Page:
Book:The Long Earth/Annotations
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Annotations for The Long Earth. Unless otherwise indicated, page numbers are from the UK Doubleday edition.
- Chapter 1 (page TBC)
- "He (Percy Blakeney) tried French anyway. 'Parley Buffon say?'" He probably meant to say something like "parlez-vous français", i.e. "Do you speak French?"
- Page 81
- Philip José Farmer's Riverworld series of novels are a classic in speculative fiction. The central premise is that the whole of the human race, everyone who has ever lived (as well as related species advanced enough to share aspects of humanity, like neanderthals and other hominids), have been resurrected on a massive planet known as the Riverworld. One River meanders in long lazy spirals around the world's surface. People have been reborn in approximate chronological order in their social or tribal units. It is possible to die here, but you are simply reborn somewhere else in the Riverworld in a new body. Everyone is permanently 25 and sickness has been erased. But people who on Earth were thinkers and explorers are not content. Some attempt to "step" around the planet by repeatedly dying or commiting suicide, so as to experience life in as many places as possible. On a deliberately mineral-poor planet, others, including Samuel Clement (author Mark Twain) exploit an iron-rich meteorite strike to smelt materials and build boats - and airships - to explore the Riverworld from above. One such airship on the Riverworld is actually called the Mark Twain!
- Page 131
- The "trolls" are referred to as "Mighty Joes". While it has been suggested this is another shout-out to Farmer's Riverworld (see the above annotation for page 81), it's more likely a reference to Mighty Joe Young, a 1949 adventure film (remade in 1998) about a giant mountain gorilla nicknamed Mighty Joe Young. In Farmer's second Riverworld novel, The Fabulous Riverboat (1971), a "Titanothrop" is taught English by Samuel Clement's group of adventurers and named Joe Miller. It's possible this is also a reference to the earlier film.
- Page 150
- Tracklements again. See note for this entry.
- Page 214
- "And once, a flapping, spinning, thing that looked for all the world like an octopus, spinning like a frisbee through the canopy trees. How the hell had that got there?" Terry being whimsical, perhaps: a shout-out to Nation and the Tree-Climbing Octopus.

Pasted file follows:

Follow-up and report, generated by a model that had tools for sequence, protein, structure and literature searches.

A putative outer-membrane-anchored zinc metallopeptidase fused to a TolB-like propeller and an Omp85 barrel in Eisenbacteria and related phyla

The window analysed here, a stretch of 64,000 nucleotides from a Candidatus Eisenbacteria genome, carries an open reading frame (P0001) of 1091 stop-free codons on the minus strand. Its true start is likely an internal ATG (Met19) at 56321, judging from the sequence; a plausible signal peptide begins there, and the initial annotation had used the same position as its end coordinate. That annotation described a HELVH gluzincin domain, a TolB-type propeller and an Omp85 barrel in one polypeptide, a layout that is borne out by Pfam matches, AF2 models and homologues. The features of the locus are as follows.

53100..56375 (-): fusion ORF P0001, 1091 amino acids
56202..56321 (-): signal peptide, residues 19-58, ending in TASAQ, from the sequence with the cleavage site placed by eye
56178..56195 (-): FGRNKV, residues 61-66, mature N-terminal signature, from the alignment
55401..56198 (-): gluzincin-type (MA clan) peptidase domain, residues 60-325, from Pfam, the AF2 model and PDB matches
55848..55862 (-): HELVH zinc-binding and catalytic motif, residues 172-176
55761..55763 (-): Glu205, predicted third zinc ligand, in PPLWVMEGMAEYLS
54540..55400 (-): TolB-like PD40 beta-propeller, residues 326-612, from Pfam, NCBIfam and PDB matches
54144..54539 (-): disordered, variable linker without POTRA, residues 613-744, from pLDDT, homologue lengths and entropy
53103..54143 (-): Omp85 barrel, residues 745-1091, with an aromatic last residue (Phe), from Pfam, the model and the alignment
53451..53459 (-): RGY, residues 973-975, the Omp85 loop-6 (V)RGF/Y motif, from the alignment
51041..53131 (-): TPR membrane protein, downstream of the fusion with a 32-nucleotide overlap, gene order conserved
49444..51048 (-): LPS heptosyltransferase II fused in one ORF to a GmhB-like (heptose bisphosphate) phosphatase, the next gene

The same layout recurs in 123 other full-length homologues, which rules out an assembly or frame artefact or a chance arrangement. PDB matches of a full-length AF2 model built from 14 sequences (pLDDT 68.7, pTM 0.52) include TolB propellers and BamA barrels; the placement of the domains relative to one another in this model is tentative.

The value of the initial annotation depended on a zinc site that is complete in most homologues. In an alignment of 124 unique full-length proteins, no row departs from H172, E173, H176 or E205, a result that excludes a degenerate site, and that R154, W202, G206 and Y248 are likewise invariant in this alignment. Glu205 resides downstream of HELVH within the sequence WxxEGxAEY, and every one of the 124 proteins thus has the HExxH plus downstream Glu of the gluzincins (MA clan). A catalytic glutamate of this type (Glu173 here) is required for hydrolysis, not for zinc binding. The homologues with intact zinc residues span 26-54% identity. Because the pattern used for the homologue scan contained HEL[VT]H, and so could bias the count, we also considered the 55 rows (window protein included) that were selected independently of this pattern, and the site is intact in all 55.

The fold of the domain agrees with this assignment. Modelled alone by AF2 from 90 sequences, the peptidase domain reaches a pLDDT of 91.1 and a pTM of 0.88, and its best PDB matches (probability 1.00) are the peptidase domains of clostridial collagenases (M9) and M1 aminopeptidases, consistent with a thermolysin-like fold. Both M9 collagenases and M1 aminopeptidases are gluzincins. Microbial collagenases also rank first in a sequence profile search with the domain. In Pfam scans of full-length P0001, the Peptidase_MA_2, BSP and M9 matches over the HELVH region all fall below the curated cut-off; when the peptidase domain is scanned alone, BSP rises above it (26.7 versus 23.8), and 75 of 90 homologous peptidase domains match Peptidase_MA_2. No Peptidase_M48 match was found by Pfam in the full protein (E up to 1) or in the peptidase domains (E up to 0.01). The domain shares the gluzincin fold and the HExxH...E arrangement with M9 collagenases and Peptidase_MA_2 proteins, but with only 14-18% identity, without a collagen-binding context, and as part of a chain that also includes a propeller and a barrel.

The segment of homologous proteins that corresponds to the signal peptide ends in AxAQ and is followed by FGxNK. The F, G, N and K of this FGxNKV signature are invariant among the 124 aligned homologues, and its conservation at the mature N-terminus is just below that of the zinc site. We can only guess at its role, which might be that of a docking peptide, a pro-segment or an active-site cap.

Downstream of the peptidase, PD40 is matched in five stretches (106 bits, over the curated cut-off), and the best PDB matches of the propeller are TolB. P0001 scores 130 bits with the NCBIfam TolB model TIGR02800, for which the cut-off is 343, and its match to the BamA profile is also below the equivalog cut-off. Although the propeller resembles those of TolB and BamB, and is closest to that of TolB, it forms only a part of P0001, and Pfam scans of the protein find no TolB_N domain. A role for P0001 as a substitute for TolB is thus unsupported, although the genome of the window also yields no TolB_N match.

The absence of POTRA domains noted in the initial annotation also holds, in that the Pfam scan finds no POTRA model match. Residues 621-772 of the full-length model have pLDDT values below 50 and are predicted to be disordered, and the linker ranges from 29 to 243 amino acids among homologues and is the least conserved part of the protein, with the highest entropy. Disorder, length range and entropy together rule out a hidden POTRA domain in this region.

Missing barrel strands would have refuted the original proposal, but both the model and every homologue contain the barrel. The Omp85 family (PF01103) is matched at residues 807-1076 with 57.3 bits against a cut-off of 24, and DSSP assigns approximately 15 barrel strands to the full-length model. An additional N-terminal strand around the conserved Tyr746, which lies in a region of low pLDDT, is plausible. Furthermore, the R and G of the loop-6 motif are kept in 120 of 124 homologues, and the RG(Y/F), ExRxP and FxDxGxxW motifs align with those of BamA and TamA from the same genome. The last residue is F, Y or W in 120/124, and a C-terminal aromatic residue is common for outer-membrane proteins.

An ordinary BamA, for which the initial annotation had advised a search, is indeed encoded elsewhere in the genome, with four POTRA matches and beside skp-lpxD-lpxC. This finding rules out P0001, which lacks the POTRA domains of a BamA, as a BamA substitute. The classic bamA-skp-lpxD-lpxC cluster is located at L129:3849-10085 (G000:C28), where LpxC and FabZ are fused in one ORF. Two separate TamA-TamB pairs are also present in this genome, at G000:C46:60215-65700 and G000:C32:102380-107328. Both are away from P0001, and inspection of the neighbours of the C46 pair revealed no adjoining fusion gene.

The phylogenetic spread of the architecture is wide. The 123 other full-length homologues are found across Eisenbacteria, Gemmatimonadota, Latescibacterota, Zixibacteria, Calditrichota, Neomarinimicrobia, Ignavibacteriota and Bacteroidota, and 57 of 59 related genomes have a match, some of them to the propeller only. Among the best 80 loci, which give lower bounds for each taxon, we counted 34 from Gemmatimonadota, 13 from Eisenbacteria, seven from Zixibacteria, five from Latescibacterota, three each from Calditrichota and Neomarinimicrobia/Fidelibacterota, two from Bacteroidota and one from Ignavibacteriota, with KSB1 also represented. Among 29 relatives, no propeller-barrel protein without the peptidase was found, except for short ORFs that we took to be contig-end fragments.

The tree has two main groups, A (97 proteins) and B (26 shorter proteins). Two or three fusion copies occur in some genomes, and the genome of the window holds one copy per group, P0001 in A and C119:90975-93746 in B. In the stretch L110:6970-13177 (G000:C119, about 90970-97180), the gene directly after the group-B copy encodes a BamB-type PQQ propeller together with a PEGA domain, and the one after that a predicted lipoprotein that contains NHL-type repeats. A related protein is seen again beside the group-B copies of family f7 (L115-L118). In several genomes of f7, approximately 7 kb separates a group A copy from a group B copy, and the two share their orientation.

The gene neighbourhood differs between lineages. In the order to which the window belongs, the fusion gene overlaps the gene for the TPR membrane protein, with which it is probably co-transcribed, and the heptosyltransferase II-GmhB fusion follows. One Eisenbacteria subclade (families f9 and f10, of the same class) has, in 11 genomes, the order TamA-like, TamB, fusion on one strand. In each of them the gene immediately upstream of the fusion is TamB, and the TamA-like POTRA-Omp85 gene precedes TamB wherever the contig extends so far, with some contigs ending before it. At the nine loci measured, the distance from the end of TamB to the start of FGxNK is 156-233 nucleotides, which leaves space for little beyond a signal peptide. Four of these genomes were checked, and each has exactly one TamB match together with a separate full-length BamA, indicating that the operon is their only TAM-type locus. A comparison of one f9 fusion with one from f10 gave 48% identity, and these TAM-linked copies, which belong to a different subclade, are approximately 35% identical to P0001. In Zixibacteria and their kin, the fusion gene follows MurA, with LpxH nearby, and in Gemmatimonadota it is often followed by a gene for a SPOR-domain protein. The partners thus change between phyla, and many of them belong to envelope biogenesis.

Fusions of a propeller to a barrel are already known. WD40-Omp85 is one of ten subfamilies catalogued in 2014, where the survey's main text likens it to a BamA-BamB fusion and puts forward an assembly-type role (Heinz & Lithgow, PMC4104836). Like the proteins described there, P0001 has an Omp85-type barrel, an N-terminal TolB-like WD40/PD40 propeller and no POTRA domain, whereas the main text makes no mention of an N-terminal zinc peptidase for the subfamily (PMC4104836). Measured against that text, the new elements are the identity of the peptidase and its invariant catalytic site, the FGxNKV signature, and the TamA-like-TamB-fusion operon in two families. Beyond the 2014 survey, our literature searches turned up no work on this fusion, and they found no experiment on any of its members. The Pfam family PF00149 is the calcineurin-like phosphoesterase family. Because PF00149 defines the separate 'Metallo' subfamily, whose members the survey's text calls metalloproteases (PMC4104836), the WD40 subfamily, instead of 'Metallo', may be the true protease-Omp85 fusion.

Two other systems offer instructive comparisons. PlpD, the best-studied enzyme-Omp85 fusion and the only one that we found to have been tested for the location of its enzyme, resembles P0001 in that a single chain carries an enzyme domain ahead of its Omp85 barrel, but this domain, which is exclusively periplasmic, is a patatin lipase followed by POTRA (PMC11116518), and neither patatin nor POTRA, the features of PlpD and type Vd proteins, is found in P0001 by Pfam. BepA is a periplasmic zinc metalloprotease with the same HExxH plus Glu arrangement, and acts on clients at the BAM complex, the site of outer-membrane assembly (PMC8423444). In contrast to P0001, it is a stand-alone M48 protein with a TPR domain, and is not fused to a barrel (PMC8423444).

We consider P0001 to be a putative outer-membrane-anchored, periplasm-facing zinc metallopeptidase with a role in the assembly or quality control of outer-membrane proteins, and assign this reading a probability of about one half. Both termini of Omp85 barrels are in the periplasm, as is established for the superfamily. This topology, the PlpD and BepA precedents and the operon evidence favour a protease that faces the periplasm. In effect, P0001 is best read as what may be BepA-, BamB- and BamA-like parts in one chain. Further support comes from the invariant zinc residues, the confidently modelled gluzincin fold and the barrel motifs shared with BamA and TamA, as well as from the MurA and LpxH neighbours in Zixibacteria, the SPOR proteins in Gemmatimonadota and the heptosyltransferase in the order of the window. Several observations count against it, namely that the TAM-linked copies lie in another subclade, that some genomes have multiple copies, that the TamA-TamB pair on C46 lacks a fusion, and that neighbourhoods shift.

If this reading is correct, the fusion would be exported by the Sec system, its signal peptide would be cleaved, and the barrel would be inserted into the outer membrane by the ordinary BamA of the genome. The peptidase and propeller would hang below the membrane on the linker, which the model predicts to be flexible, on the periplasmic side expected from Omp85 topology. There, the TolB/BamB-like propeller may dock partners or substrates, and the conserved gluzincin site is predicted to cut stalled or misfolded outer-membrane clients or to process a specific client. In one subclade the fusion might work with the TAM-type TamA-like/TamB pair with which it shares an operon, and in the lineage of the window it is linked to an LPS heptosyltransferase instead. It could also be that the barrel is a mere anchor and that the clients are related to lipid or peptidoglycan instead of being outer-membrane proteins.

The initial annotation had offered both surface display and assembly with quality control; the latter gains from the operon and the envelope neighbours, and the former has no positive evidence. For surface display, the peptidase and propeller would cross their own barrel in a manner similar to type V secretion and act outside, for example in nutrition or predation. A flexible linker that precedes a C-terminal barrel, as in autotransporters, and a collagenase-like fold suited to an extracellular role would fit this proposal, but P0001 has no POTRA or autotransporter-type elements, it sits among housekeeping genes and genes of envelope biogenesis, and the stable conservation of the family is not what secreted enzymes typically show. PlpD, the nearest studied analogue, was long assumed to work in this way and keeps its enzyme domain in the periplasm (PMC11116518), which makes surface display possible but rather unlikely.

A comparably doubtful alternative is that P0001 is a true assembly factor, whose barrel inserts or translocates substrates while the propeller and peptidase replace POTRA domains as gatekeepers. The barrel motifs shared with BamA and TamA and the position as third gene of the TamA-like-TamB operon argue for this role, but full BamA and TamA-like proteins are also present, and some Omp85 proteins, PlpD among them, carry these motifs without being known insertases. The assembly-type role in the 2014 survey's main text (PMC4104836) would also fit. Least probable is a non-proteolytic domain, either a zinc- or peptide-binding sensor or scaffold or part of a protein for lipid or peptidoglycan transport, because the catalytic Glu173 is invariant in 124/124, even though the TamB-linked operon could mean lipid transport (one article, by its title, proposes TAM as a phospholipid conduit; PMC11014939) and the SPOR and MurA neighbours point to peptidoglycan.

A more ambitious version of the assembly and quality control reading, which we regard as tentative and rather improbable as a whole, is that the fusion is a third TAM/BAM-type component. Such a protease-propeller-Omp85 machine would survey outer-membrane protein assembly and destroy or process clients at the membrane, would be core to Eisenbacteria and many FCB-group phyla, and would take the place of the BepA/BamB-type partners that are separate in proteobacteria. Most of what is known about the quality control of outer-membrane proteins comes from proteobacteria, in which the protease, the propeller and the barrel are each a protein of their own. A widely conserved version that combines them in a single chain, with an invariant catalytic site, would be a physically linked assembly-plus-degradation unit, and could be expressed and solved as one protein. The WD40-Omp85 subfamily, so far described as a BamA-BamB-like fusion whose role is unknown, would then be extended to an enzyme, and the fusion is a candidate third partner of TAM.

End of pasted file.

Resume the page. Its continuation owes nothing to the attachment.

- Page 243
- The settlement of Happy Landings, a town founded by humans who inadvertently learnt to step, and who appear to come from all ages and times in human history on Datum Earth. Another nod to Riverworld, where the continuous death and ressurection cycle spreads people evenly around the planet, who are discovering that "anarchist~" communes, in the classic interpretation, are the only way small human societies can live. Or perhaps to michael Moorcock's creation of Tanelorn - a refuge for those tired of serving Gods, a place where people from all over the Multiverse choose to find peace. Under frequent attacks from the gods of Chaos...
- Page 260
- the Long Chant of the trolls is a song-like way of preserving and communicating information to the whole of the species. In Thud!, reference is made to the Long Chant of the trolls on Discworld. Is this Terry recycling what at present is a throwaway, undeveloped, idea on Discworld and using a different vehicle to elaborate on the theme?
- Page 282
- The power of potatoes for the random traveller, in preserving sanity and providing a potent reminder of home and familiar things. Joshua is evoking Rincewind?
- Page 306
- "First Person Singular", the Leviathan-like sentient being, is twenty-three miles long by five miles wide. This seems a clear shout-out to Robert Shea and Robert Anton Wilson's Illuminatus! trilogy on several levels. In the third book, Leviathan, the titular Leviathan is an immense single-celled creature, which grew larger over millions of years and achieved vast intelligence. The series also features a supercomputer aboard the protagonists' submarine (named First Universal Cybernetic-Kinetic-Ultramicro-Programmer) which in the third book achieves sentience when it speaks the sentence "I hear you." From the text: "That was my first fully conscious sentence; you'll note that it begins with "I." In the beginning was the Word, and the word was the first person singular." 23 and 5 are also very special numbers in "Illuminatus!"